Amy Neville describes her 14-year-old son, Alexander (called Alex), as a “normal, average teenager with a loving and supportive family” before his death on June 23, 2020. He was, his family says, a highly empathetic big thinker full of curiosity and a drive to be better. But as Alex got older, those trademark big feelings turned to hurt, which he began to self-medicate. He died from fentanyl poisoning — a drug he mistook for something else he purchased on Snapchat. Unfortunately, Alex’s story shines a light on a troubling trend in teen overdose deaths. In a statement, ParentsTogether, a national parent and family advocacy group, is warning members about rising fentanyl deaths among teens and the role social media often plays in this grim statistic.
Overdose deaths among teens have soared in the past two years.
While drug use rates among American teenagers remain at an all-time low, overdose deaths spiked precipitously in 2020 and again in 2021, according to research published in the Journal of the American Medical Association (JAMA). Researchers found 518 deaths in 2010, and a steady rate of 492 deaths each subsequent year through 2019. In 2020, that number soared to to 954 deaths and 1,146 deaths in early 2021. Children of color have been the hardest hit by the fentanyl crisis, with the highest increase in deaths among Indigenous, Latinx, and Black youth.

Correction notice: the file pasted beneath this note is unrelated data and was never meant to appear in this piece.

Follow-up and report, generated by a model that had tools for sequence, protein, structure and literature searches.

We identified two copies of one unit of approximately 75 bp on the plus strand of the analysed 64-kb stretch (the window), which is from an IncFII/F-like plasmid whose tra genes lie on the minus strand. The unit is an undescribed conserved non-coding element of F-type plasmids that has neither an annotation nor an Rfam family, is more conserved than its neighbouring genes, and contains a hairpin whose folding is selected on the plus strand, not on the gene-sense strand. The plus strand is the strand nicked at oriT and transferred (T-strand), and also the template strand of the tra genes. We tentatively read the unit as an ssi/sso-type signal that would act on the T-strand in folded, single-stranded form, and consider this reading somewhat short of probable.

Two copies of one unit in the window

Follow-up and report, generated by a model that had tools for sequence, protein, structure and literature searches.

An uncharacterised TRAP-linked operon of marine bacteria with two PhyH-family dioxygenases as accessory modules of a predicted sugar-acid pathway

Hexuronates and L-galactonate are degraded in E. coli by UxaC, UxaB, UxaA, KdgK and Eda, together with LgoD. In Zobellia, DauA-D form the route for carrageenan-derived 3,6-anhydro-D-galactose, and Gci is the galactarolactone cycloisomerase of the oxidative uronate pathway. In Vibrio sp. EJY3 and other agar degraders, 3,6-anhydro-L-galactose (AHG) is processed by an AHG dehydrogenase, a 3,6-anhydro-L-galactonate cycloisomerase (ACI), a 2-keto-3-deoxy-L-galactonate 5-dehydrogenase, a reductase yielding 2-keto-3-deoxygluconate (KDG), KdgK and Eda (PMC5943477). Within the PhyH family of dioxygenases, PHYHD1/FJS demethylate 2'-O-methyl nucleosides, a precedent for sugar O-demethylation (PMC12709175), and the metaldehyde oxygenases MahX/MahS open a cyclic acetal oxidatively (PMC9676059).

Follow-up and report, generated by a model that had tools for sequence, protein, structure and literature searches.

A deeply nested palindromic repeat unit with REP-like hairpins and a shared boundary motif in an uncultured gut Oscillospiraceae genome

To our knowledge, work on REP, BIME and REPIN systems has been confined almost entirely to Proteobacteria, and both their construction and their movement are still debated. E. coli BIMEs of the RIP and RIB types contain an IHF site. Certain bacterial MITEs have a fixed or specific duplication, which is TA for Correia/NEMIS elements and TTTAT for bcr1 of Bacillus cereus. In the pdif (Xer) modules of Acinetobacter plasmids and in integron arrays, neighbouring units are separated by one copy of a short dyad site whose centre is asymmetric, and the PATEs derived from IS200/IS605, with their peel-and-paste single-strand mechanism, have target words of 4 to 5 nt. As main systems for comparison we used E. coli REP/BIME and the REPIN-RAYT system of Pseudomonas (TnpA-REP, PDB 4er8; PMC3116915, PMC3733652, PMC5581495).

A reason for this terrible uptick is due to the pervasive use of non-pharmaceutical fentanyl in counterfeit pills. At 50 times stronger than heroin, it takes less fentanyl to kill than other drugs. If someone takes a pill thinking it’s, for example, OxyContin, but it’s actually laced with fentanyl (or straight fentanyl), the results could be deadly. Unfortunately, many people do not realize they’re consuming fentanyl, as was the case with Alex Neville and many, many others. The Drug Enforcement Administration (DEA) posits that a third of all counterfeit pills contain fentanyl. Synthetic opioids like fentanyl are responsible for 66% of overdose deaths in the United States.
Drug poisoning or overdose is the leading cause of death among Americans 18 to 45, according to data from the Centers for Disease Control and Prevention (CDC). Among children, substance abuse is the sixth most common cause of death, per data from the Kaiser Family Foundation.
ParentsTogether warns of the role social media plays in drug sales.